Laura Anderson English 102-3 Dr. Spence September 14, 2011 Lost and Found Love They say it is better to have loved and lost, than to never have loved at all. But, what about a love that one must hide and keep secret? Or what about a love that you didn’t even know was there? In “Hell-Heaven” by Jhumpa Lahiri, Boudi, a Bengali-American woman is trapped in a loveless marriage. She discovers the loyalty, comfort, and fondness that goes with growing old with another person.
Through great friendship and bond, heartbreak and lost love, Boudi discovers that there is more than handholding and giddiness in a marriage. According to Usha, Boudi’s daughter and the narrarator of the story, there was not a lot of love between her parents. Their marriage was an arrangement made in order to keep their parents happy. They had nothing in common, no emotional bond, and were complete strangers before they were married.
The only thing that Boudi was grateful for in their marriage was that she did not have to live in the country with her in-laws and their rules.
While walking around the streets in Cambridge one afternoon Boudi is approached by a fellow Bengali, who was new to America. He was invited back home with Boudi and Usha to have a proper Bengali meal, and from then on he was a member of the family. Adopted into the family as an older brother-like to Boudi and an uncle to Usha, Pranab Kaku offers an emotional bond that is not seen nor felt from Boudi’s husband.
Boudi and Pranab Kaku had many things in common, came from the same neighborhood in Calcutta, and had even shopped in the same local stores.
Boudi began to look forward to his visits and would even change clothes, brush her hair, and make extra special meals. Often Pranab Kaku would take Usha and Boudi for rides and they would pack a picnic. They formed an emotional bond in which Boudi had never shared with another man before. These outings would be deemed inappropriate had Usha not been with, but it is clear that Boudi was in love with Pranab Kaku. Usha claims, “He wooed her as no other man had.. needing her…in a way my father never did. ” (P. 642).
Although Boudi never proclaims her love for Pranab Kaku until the end of the story, her love is evident when she has jealous tendencies when he starts bringing another woman around. Pranab Kaku starts bringing an American woman around and Boudi is very judgmental about her. She always insisted that the relationship was never going to last. She tells Usha, “In a few weeks, the fun will be over and she’ll leave him,” (P. 642). Boudi is very traditional in her Bengali ways, so while she knows she will never be with Pranab Kaku, she doesn’t want him ‘screwing’ up his life with an American woman.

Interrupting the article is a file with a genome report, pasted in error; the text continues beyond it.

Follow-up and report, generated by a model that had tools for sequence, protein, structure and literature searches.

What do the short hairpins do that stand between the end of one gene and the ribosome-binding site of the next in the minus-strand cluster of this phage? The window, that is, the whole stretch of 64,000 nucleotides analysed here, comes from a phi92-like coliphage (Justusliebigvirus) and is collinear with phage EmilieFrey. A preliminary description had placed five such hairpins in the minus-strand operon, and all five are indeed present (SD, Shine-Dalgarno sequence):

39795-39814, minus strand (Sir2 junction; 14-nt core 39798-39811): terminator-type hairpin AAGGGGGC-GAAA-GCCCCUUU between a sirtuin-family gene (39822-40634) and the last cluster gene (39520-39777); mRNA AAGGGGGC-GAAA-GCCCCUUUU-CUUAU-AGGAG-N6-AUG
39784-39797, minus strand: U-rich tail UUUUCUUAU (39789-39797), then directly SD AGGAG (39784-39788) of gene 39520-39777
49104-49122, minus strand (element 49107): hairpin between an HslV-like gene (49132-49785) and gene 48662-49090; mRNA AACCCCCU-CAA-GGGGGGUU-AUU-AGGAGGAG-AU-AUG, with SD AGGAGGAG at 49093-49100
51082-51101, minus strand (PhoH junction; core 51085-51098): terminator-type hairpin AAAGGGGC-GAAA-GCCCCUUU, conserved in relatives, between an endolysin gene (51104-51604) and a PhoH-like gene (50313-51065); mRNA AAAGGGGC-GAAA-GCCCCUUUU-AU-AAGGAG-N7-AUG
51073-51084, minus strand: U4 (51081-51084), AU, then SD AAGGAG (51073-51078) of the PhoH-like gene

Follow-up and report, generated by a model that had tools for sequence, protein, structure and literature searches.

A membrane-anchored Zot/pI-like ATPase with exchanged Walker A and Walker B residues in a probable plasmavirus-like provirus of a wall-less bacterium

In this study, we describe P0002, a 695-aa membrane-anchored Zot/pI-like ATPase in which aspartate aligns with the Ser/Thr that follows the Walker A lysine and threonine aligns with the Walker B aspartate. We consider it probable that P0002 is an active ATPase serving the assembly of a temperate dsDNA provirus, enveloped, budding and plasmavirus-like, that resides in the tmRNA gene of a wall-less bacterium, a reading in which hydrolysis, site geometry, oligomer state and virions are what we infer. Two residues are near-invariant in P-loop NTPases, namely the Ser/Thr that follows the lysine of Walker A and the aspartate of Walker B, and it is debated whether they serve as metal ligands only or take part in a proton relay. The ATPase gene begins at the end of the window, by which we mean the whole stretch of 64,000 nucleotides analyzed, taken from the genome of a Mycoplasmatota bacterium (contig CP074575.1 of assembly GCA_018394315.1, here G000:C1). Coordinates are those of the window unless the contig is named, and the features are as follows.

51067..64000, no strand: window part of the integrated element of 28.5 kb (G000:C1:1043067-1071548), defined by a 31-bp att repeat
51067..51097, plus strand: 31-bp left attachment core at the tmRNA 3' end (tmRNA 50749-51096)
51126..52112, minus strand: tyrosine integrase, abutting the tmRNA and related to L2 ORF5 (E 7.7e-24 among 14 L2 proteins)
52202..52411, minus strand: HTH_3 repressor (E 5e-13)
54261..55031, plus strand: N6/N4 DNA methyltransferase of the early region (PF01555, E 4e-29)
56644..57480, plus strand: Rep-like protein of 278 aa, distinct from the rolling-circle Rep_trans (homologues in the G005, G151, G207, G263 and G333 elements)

She would rather see him with a proper Bengali woman. Pranab seeks approval for his girlfriend, but Boudi does not voice her opinion, except to her friends right before the two of them get married, “She will leave him…He is throwing his life away” (P. 645). Pranab Kaku slowly drifts away after staring his own family. Boudi and her family get the occasional update until Debra (Pranab Kaku’s wife) calls and tells Boudi of a divorce, and Pranab Kaku’s unfaithful tendencies.
It was then that Boudi has a realization of the love that her and her husband share. They had grown old together and when their house emptied and it was left to the two of them, their fondness of each other improved. They took care of each other when they were sick and had a mutual respect for each other. Boudi never had to worry about being taken care of or her family breaking up. She had eventually come to peace with broken heart after Pranab Kaku got married and found a new kind of love in her own marriage.